A former Cornell graduate student's documentary film of an impoverished Brooklyn family is the catalyst for a symposium addressing societal, legal, cultural and clinical issues affecting millions of Americans daily.
Cornell University's FMS summer fellows build 'tram lines across the globe' following a two-week seminar, "Feminist Identities, Global Struggles," and four symposia focused on diversity of gender, income, ethnicity and disability, July 25-Aug. 5. (Aug. 11, 2005)
A large collection of yellowing newsprint documenting Vietnam's war era is being archived for posterity, thanks to cooperative microfilming projects undertaken by Cornell University's Kroch Library and other institutions. (June 20, 2005)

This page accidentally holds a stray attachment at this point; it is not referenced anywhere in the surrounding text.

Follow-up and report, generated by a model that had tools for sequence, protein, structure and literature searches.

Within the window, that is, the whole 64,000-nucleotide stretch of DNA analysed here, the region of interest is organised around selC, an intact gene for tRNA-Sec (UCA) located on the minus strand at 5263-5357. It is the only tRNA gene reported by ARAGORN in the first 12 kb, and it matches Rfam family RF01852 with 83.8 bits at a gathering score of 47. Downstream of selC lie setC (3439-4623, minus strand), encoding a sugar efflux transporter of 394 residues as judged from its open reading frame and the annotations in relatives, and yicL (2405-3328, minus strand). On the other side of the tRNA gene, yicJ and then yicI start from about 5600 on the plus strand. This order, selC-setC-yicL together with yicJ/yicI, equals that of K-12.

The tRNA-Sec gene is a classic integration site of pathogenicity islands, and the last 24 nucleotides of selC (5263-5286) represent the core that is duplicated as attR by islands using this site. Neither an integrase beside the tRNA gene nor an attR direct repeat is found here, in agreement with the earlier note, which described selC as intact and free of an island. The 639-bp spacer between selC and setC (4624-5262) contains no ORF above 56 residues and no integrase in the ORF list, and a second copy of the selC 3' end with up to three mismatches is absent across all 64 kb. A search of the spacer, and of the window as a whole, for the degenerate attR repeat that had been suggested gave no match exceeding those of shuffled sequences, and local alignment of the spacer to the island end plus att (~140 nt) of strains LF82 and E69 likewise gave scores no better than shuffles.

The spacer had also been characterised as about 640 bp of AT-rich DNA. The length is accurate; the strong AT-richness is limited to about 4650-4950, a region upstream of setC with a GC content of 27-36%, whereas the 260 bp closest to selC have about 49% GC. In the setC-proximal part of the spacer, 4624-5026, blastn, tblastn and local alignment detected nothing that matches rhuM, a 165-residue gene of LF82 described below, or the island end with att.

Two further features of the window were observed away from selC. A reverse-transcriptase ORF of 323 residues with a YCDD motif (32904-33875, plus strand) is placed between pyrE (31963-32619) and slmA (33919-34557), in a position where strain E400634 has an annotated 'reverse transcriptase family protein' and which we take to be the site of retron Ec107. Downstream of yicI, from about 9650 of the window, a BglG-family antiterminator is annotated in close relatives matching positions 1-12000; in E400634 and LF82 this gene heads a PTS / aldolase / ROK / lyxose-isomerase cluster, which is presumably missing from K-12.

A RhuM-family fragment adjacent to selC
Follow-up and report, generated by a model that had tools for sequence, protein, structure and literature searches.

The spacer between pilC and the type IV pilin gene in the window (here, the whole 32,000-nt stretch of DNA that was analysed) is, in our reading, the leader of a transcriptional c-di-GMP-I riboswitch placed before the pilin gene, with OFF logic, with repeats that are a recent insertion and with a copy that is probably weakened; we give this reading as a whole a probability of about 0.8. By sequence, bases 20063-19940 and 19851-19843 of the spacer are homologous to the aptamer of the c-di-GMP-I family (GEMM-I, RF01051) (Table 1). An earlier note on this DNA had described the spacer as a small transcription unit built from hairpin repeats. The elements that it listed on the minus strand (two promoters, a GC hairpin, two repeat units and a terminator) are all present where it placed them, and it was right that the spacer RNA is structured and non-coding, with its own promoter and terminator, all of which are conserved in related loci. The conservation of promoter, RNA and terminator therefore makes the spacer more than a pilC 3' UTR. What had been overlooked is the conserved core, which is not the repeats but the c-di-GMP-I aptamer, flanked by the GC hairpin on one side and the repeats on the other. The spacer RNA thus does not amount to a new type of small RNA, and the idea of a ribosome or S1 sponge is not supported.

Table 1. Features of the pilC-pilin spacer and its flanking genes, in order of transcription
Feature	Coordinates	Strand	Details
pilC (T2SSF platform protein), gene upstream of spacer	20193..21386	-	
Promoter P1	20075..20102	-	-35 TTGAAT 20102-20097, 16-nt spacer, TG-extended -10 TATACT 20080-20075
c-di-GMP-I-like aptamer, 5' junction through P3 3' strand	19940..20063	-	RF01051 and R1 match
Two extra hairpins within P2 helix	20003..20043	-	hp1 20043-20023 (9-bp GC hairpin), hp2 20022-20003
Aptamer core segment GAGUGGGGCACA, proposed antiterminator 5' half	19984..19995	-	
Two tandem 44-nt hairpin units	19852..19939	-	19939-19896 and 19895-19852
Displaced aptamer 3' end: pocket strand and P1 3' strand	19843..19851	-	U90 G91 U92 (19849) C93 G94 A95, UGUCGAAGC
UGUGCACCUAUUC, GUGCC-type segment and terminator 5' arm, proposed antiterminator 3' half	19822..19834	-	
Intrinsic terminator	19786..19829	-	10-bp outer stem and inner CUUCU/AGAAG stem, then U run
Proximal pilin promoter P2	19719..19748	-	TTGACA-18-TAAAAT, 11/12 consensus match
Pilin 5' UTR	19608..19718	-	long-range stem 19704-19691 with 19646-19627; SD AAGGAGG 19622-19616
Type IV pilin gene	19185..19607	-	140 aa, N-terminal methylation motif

On April 14, Armstrong, a former Catholic nun who has written numerous books on religion, presented this year's Frederick C. Wood Lecture in Sage Chapel as part of the 75th anniversary of Cornell United Religious Work.
Internationally renowned architect Peter Eisenman will be on campus to celebrate his 50th reunion at Cornell University this weekend. The winner of numerous architectural awards, Eisenman '54 earned his B.Arch. degree at Cornell's College of Architecture, Art and Planning. (June 10, 2004)
Cornell archaeologist Andrew Ramage was a Harvard University graduate student when he struck gold at an excavation site in Sardis, Turkey, in 1968. Ramage's detective work led to a one-of-a-kind discovery: a gold refinery that belonged to legendary Lydian emperor King Croesus, the world's first "millionaire."
Having his acclaimed book of literary criticism, "The Mirror and the Lamp: Romantic Theory and the Critical Tradition," ranked as No. 25 in the Modern Library's list of the 100 best nonfiction books written in English during the past 100 years doesn't seem to have fazed M.H. (Mike) Abrams.